Berkeley head is planning for short and long term
Change is coming to the Berkeley Institute, as tomorrow's incoming S1 class will discover on the first day of the new academic year.
The new arrivals will be joined together as an “S1 academy”, under an initiative putting greater focus on the public senior school's younger pupils.
Consolidating the roughly 200 S1 students — who will arrive from five different middle schools — is among the changes stewarded by freshly-appointed acting principal Keisha Douglas and her deputy, Nadia Robinson
Ms Douglas, former president of the Bermuda Union of Teachers, started out 19 years ago as Berkeley's youngest teacher. She may spend only this term as the head of school: Berkeley's board of governors continues to seek a full-time successor to former principal Michelle Simmons, who retired in June.
She told The Royal Gazette: “If they find someone else in the interim, I'll be more than happy to work with them and do my utmost as deputy. But while I'm in this position, rest assured that everything possible will be done to keep Berkeley in excellent standing.”
Keeping the incoming students to their own advisory groups and locker areas is part of a move at the school to enhance focus on the S1 and S2 students, she explained.
“We have our own goals as well as Ministry of Education goals, and one of them is to build student leadership and academic achievement. To build success in the S1 and S2 programme, with that transition to senior school, we're putting our focus on their success.”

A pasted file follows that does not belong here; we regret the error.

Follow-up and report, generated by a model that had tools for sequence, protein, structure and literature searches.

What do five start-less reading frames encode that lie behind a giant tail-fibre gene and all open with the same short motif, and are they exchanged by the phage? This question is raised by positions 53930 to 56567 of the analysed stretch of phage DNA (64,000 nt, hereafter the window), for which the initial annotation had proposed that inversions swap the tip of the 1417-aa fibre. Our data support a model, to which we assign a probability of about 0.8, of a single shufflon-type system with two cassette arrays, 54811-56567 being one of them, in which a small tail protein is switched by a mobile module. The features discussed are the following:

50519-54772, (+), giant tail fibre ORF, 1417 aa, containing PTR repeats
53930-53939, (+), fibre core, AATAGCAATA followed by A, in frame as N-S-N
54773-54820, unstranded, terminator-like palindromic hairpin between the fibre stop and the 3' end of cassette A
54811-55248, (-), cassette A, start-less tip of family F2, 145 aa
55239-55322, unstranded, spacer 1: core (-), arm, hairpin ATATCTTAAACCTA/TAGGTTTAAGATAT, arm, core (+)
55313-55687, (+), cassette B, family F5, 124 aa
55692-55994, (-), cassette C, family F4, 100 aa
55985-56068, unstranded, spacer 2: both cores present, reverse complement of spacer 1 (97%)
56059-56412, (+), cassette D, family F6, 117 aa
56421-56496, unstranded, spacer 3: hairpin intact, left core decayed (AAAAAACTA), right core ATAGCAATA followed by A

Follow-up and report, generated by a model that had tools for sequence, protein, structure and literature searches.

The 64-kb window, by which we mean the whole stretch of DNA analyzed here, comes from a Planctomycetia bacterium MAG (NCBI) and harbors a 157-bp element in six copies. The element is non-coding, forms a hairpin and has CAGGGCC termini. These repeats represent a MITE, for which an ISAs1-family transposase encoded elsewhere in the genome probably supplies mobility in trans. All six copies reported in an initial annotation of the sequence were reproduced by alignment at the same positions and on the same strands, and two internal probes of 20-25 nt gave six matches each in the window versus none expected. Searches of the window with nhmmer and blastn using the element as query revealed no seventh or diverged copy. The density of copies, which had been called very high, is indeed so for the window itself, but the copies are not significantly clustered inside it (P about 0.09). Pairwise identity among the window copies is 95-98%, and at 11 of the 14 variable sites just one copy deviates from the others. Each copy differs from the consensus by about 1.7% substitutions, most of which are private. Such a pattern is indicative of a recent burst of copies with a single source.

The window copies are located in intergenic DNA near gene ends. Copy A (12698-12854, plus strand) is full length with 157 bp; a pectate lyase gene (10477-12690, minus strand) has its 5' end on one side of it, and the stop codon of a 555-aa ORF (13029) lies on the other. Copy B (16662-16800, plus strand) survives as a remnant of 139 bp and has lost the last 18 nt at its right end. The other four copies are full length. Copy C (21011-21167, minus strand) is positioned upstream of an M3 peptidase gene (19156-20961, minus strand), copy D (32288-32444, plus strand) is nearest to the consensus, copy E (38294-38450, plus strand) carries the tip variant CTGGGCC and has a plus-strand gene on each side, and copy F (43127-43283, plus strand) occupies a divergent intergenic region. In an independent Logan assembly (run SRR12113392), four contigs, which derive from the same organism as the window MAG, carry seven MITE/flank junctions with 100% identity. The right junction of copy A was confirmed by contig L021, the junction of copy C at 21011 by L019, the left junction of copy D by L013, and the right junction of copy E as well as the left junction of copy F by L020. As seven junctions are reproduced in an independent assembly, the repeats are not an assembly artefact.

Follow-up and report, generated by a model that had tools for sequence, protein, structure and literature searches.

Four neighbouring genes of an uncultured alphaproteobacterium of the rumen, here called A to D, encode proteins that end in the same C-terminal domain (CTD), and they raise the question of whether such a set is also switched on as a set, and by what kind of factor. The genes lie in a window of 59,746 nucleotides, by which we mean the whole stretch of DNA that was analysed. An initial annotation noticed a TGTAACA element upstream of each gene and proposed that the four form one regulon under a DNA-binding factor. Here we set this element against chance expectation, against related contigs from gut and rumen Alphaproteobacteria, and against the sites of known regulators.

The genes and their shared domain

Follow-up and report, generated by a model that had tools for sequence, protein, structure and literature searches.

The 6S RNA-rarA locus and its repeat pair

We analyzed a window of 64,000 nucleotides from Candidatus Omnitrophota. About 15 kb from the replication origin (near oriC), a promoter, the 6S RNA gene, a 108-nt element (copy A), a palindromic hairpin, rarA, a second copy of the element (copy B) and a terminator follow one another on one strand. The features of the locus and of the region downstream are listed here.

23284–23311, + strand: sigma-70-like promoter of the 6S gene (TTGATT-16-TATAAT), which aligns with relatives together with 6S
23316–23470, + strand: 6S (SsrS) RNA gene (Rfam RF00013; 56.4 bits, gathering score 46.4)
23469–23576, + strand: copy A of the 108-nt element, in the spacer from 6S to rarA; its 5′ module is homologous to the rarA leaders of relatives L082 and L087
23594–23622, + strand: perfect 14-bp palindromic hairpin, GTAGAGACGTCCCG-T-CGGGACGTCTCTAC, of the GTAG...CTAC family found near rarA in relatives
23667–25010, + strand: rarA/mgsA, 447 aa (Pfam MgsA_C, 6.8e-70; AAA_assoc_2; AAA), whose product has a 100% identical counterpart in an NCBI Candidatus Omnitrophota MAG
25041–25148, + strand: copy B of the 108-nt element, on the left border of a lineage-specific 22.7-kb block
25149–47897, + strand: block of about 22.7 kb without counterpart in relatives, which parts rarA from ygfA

Ms Douglas added: “If you fool around in the first or second year, it's a steep slope to get over later.”
The 40-year-old Acting Principal keeps her classroom skills sharp: as deputy director at the Centre for Talented Youth, Ms Douglas teaches calculus every week.
“I still do lesson plans, still keep in touch with teaching,” she said. “And it's still rewarding — I love every day of it.”
Her goal is to be “the established principal one day”, but in the meantime Ms Douglas meets monthly with the school board.
Parents and teachers remain closely involved in the selection for the next full-time head — which went through the first round over the summer.
“The school is part of the process. But with that said, I don't know who they have in mind,” Ms Douglas said. “I am assuming they are looking to have another principal in place for the first of January.”
With the school reaccredited in April by the Middle States Association of Colleges and Schools, seven years on from its 2006 accreditation, Berkeley is looking ahead to 2020 to develop student leadership, academic achievement, S1 and S2 success and parental involvement.
In the meantime, with her union background, Ms Douglas hopes to bring to the table an awareness of the challenges faced by teachers during a time of economic difficulty and ongoing educational reforms.
“Berkeley is a comprehensive school,” she said. “We don't know if we're going to receive students on Friday whose parents just lost their jobs, or who didn't have breakfast. Whatever happens in the wider community will make its way into this building. We'll weather this storm together.”